Testing with the CLI for C++ projects
Snyk Open Source can alert you to a vulnerable
libwebp version in your C/C++ application dependencies. Snyk can monitor your applications using our web interface, or you can manually trigger a scan of your open source dependencies using our CLI command:
snyk test --unmanaged.
$ snyk test --unmanaged Testing /Users/developer/myapp... Issues: ✗ [Critical] Heap-based Buffer Overflow Introduced through: https://email@example.com URL: https://security.snyk.io/vuln/SNYK-UNMANAGED-WEBMPROJECTLIBWEBP-5918283 Tested 1 dependency for known issues, found 1 issue.
See the Snyk User Documentation for further details on C/C++ scanning capabilities.
Testing your projects using SCM integration
Importing your project into Snyk using our supported SCM integrations (GitHub, Bitbucket, GitLab, Azure Repos) will automatically trigger a test, which will enable you to use the Snyk UI to identify, prioritize, and fix the
libwebp vulnerability in your projects.
Use reports in Snyk to detect the libwebp vulnerability across your projects
Snyk customers with access to Snyk’s reporting (Enterprise plan) can quickly identify
libwebp in the projects they have already imported and are monitoring with Snyk. On the Issues Details report, filter the CVE: CVE-2023-5129 AND CVE-2023-4863.
Copy the URL to share this view with other team members or export it into a PDF for wider visibility across the business.
If you do find the issue, you’ll be able to see exactly where it’s being used. You can then click on the project itself to find more information about the issue and fix instructions.
You're likely to identify multiple
libwebp issues in your projects, which can cause confusion as to where to focus your fix efforts first. Snyk offers several mechanisms to assist with the prioritization process.
Using Snyk’s Priority Score
Snyk’s Priority Score calculates many risk factors to help you quickly identify issues that should be addressed first. The score calculates a number of signals, such as EPSS, exploit maturity, CVSS, social trends, and more, and can then be used to quickly sift through the list of vulnerabilities and prioritize fixes accordingly. In the case of libwebp, the score will understandably be high in most cases.
The score is displayed for each libwebp issue on the Projects page and is also available within Snyk’s reports.
Using Insights in Snyk
For Snyk customers using Insights, you will be able to leverage additional application context to understand which issues pose more risk.
Insights aggregates and correlates data from across the Snyk platform to construct a 360° view of your application that includes all the components involved in producing it and the context of how it is deployed in production. This view enables Insights to help you better assess the risk a given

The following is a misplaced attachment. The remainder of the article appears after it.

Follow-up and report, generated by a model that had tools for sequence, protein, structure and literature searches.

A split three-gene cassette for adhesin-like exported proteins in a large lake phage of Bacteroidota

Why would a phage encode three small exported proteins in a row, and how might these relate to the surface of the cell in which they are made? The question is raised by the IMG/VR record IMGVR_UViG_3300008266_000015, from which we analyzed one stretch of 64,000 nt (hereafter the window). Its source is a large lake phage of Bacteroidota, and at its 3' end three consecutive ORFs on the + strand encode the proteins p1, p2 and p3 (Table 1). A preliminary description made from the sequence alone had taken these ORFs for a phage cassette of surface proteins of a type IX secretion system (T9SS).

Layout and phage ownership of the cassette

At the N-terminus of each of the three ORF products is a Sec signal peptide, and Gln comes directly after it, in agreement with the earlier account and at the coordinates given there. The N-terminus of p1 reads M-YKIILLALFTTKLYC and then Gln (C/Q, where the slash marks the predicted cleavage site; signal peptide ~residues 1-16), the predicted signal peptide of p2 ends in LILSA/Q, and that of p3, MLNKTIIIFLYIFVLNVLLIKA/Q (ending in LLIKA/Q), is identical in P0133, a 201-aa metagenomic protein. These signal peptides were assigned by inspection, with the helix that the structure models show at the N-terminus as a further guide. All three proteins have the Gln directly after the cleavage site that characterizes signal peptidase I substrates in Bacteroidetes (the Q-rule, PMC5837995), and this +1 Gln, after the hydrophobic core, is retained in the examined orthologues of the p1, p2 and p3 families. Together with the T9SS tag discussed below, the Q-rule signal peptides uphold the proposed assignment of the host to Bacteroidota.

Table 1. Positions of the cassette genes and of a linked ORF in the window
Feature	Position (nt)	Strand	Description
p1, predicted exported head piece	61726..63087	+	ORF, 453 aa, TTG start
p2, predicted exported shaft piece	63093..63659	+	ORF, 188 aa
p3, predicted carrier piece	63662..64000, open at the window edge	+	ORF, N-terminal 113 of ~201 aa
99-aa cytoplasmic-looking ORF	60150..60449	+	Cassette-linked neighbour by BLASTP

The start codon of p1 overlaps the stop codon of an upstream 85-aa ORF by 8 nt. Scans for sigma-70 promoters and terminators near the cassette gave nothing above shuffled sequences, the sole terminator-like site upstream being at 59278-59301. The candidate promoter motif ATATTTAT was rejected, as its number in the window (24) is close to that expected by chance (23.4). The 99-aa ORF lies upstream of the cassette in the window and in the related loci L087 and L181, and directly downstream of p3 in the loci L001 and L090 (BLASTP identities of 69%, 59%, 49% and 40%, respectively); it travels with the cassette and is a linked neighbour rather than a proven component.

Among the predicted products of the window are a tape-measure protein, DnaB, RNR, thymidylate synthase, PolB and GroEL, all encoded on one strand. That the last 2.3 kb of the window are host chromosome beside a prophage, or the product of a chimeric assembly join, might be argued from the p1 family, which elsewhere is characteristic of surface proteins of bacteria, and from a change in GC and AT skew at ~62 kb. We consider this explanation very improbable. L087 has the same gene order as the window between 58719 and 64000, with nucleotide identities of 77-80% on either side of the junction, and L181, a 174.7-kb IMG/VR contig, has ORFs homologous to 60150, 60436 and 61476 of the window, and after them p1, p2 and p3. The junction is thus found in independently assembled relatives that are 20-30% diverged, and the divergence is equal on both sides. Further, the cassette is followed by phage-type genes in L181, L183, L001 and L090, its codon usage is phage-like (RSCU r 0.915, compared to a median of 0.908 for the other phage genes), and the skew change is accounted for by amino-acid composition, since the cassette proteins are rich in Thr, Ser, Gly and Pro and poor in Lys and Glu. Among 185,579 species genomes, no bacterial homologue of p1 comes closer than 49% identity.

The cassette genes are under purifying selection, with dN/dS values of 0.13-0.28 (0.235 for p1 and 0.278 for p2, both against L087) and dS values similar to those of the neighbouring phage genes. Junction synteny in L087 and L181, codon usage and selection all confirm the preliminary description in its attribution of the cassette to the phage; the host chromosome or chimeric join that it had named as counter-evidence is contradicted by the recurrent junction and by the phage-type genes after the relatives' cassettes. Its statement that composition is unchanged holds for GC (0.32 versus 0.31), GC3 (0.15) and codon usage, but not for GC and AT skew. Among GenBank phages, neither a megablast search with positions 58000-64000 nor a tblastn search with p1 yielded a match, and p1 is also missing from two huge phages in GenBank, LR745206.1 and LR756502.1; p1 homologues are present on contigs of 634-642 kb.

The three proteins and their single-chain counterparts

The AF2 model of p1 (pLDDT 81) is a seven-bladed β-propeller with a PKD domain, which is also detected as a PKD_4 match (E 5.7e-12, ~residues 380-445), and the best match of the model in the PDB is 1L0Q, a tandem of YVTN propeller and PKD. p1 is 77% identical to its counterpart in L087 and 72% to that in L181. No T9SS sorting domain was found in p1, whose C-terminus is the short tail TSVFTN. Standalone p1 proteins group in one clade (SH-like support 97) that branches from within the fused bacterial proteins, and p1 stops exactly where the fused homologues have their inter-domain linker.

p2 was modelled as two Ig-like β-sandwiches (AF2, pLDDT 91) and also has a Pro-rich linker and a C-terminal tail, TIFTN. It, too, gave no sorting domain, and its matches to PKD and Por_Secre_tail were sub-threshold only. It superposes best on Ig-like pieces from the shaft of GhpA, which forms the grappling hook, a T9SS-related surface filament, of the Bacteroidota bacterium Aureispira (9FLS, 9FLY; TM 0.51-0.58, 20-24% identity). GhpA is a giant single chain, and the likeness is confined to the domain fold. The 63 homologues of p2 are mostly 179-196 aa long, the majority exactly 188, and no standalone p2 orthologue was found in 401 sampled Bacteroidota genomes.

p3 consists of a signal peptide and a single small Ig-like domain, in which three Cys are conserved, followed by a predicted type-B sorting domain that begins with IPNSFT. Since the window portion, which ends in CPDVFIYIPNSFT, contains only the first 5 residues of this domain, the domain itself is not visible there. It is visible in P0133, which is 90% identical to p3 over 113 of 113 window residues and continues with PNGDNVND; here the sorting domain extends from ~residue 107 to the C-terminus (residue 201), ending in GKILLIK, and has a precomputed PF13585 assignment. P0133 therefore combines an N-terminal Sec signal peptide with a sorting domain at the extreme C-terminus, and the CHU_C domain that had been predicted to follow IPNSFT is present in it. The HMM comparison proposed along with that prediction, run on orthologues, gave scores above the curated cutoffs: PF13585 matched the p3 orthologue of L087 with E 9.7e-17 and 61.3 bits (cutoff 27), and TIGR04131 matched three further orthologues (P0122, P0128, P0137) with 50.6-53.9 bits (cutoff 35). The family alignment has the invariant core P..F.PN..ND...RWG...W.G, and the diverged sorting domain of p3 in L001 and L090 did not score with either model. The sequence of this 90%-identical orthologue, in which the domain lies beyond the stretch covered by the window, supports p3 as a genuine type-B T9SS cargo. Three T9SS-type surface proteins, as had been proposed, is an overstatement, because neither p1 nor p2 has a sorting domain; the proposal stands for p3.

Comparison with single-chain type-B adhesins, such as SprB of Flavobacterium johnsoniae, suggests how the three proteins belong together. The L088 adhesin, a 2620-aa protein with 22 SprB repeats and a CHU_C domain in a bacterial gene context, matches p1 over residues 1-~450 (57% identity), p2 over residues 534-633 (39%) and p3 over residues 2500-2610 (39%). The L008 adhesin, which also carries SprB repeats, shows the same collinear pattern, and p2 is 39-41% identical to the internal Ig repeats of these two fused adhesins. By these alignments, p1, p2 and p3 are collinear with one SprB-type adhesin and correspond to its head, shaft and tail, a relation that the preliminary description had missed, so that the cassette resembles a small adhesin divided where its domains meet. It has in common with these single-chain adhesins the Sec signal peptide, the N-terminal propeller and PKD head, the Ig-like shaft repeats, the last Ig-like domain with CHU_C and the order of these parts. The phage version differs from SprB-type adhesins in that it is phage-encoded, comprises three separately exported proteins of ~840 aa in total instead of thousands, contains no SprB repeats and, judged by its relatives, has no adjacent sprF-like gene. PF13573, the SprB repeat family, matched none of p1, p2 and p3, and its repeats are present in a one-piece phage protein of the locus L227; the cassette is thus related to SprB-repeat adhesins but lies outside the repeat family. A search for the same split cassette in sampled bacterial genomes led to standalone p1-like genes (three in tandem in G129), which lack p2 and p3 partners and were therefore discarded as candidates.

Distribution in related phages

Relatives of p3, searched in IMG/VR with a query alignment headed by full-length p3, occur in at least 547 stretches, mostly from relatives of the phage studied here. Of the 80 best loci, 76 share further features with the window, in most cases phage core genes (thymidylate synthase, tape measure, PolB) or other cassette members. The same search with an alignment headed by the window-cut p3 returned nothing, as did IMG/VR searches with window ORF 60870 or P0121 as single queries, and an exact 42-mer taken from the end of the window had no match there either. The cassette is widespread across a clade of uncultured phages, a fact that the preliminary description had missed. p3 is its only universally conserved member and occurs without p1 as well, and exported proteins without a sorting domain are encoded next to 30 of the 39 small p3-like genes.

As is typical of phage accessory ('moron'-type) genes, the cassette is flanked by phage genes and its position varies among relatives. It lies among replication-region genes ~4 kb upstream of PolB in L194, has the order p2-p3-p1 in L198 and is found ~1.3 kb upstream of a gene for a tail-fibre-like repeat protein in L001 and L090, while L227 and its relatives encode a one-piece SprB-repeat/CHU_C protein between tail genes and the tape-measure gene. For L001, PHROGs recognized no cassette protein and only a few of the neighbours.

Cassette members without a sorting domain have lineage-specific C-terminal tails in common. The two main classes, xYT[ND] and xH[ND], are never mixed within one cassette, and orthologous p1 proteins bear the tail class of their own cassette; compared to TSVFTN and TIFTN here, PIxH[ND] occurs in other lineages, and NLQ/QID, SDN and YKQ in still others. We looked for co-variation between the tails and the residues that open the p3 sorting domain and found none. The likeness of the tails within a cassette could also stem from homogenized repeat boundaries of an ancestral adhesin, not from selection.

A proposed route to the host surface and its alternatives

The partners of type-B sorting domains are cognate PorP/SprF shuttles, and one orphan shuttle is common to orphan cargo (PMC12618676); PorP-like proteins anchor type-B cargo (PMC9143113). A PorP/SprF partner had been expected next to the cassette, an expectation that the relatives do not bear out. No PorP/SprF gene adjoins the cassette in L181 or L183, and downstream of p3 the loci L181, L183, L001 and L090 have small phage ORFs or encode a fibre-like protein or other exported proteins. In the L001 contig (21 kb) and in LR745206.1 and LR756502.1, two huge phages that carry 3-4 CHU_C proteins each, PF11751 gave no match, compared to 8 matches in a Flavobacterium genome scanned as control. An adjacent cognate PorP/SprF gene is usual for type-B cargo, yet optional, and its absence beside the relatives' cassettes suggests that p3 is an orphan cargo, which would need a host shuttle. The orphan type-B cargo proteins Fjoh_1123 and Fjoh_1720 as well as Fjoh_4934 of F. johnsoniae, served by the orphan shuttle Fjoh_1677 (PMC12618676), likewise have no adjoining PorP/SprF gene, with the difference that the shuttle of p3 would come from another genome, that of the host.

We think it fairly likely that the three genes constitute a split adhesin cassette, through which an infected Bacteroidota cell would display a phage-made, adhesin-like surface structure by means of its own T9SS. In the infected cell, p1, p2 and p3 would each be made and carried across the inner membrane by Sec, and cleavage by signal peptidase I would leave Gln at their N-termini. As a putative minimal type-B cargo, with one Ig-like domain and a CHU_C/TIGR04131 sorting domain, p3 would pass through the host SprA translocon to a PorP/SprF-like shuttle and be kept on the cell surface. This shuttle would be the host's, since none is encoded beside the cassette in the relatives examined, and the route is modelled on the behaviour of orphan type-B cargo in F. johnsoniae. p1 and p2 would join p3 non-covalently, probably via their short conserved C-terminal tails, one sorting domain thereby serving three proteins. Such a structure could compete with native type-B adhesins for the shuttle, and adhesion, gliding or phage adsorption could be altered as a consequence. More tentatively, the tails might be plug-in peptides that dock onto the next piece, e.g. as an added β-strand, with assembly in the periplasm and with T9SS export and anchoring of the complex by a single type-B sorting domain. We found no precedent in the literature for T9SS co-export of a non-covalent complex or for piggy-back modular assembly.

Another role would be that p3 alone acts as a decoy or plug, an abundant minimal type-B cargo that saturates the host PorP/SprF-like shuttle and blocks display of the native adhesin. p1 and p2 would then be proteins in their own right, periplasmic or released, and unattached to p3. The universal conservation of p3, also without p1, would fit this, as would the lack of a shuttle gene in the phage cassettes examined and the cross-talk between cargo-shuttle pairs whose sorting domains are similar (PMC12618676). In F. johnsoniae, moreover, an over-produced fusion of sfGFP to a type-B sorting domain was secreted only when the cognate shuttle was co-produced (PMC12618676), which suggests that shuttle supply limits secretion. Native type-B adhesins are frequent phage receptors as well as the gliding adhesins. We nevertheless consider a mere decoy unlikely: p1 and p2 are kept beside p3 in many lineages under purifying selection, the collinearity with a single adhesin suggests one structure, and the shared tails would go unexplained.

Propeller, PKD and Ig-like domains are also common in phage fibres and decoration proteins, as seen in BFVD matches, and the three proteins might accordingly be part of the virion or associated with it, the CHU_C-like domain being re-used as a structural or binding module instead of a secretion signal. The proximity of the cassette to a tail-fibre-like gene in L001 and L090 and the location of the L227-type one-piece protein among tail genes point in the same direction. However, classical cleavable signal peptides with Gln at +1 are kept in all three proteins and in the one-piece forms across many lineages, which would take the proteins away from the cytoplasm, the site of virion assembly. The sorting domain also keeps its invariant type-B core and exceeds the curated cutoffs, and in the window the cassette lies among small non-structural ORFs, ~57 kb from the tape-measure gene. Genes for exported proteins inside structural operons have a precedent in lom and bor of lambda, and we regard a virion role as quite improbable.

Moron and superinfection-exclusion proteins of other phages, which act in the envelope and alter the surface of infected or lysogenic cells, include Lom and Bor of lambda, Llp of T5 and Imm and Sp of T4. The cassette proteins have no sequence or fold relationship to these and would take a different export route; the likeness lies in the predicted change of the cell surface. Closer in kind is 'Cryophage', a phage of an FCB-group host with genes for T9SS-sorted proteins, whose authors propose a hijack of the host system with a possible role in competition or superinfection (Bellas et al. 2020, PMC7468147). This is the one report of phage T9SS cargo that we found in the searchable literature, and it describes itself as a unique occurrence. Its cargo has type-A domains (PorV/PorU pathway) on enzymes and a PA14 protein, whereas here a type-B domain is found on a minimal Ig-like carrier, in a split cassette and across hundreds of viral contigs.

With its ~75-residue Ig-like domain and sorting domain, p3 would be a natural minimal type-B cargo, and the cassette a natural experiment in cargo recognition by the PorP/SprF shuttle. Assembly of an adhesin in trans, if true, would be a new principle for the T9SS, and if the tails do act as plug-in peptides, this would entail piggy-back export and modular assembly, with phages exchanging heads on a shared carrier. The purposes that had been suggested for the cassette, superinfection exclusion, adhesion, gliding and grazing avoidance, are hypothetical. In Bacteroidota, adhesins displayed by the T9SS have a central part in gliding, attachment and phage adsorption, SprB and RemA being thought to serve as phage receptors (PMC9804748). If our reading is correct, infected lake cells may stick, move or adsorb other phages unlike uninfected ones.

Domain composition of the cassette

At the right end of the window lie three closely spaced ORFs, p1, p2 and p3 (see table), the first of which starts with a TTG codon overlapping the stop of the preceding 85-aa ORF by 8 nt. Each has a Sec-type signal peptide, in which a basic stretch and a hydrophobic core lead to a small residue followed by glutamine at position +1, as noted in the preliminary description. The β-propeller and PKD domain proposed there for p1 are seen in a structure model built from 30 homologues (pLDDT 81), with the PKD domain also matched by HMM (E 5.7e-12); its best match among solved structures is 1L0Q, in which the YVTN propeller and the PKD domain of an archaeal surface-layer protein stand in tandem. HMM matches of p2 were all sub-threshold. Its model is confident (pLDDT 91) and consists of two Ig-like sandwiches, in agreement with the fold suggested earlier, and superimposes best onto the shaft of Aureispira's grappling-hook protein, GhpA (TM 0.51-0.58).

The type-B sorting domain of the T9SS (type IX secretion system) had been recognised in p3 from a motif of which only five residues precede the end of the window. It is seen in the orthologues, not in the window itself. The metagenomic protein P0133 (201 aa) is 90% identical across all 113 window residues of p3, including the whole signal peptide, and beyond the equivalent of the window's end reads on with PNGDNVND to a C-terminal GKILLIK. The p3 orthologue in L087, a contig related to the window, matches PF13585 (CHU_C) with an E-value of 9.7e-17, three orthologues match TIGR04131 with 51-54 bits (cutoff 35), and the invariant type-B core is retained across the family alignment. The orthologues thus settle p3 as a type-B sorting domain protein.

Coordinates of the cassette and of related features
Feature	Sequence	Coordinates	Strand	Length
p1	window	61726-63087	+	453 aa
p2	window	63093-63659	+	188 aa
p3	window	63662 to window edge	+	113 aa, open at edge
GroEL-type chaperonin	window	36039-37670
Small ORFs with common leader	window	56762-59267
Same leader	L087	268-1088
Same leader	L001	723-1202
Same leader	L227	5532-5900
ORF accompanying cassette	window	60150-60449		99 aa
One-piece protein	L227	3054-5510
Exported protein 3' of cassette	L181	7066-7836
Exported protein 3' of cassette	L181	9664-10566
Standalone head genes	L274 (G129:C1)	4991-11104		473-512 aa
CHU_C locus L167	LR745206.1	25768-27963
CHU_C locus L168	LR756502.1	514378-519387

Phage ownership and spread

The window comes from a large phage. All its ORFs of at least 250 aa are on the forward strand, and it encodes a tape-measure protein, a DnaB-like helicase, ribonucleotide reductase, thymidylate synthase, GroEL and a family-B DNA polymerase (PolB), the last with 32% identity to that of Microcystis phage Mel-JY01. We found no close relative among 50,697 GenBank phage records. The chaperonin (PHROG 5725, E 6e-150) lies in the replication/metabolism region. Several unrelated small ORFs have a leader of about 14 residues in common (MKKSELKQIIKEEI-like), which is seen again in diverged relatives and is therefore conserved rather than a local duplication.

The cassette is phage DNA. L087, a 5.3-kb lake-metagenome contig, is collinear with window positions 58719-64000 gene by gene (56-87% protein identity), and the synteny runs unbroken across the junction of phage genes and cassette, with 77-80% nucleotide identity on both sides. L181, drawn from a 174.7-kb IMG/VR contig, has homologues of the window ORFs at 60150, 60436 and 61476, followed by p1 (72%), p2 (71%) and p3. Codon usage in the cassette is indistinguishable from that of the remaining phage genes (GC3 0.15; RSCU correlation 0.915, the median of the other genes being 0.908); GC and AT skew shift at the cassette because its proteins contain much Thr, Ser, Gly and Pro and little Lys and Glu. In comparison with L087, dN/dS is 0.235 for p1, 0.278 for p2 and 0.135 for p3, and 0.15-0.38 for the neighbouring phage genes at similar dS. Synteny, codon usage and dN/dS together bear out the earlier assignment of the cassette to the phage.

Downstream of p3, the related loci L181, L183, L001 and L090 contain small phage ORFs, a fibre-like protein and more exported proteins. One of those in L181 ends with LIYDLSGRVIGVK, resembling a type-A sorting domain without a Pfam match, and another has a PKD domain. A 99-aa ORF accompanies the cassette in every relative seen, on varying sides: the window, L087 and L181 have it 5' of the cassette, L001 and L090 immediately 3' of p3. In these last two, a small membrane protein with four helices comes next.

libwebp issue poses by answering questions such as whether the issue applies to your environment or not, whether the code introducing the issue is deployed or not, and so forth.
You can open the Insights tab and use the CVE filters and the funnel at the top of the page to quickly hone in on the riskiest
libwebp issues in your projects.
In the example below, two
libwebp issues are being flagged as applicable to the operating system in use. They are associated with a container deployed to production that has a configured path to the internet, thus posing more risk.
To understand exactly how the risk is being introduced and how it relates to the application, open up the Evidence graph for more context:
For more information about Insights, how to set it up, and how to use it, please refer to our online documentation.
Fix libwebp in container base images
Update your base image to a newer tag with a fixed vulnerability. Fix pull requests with the required fix can be triggered directly from within Snyk for supported ecosystems.
For example, Snyk will recommend alternative container base images via the UI or the CLI, and when you import your source code repository via an SCM such as GitHub, it enables you to automate the container image fix by raising a pull request that updates the Dockerfile
Snyk Container will recommend remediation for most Docker Hub official base images as fixes are published:
Testing python:3.11.1-bullseye... … Base image: python:3.11.1-bullseye Tested 427 dependencies for known issues, found 395 issues. Base Image Vulnerabilities Severity python:3.11.1-bullseye 395 7 critical, 22 high, 71 medium, 295 low Recommendations for base image upgrade: Minor upgrades Base Image Vulnerabilities Severity python:3.12.0rc3-bullseye 300 1 critical, 2 high, 2 medium, 295 lowpython:3.11.5-bullseye 300 1 critical, 2 high, 2 medium, 295 low Alternative image types Base Image Vulnerabilities Severity python:3.12.0rc2-slim-bullseye 63 0 critical, 0 high, 0 medium, 63 low python:3.12.0rc2-slim 41 0 critical, 0 high, 1 medium, 40 low python:3.12.0rc1-slim-bookworm 41 0 critical, 0 high, 1 medium, 40 low python:3.11.4-bookworm 175 1 critical, 1 high, 3 medium, 170 low
Fix libwebp in C and C++ projects
webmproject/libwebp dependencies in your project to version 1.3.2 or newer and rebuild your application.
Test your projects with Snyk using the methods outlined in this article. To get started, sign up for a free Snyk account, then import and scan all potentially impacted projects using the import wizard.
Identify the highest priority fixes for the
libwebpvulnerability using priority scoring or Insights (for customers on the Snyk Enterprise plan).
Apply fixes by updating the
libwebplibrary to version 1.3.2 or newer in your open source project dependencies or container images.
Continue to monitor this situation as it unfolds, ensure you’re following us on X (@snyksec), and check back on the Snyk Blog for any developments as they occur. Snyk’s Security teams will update our resources regularly with the latest updates.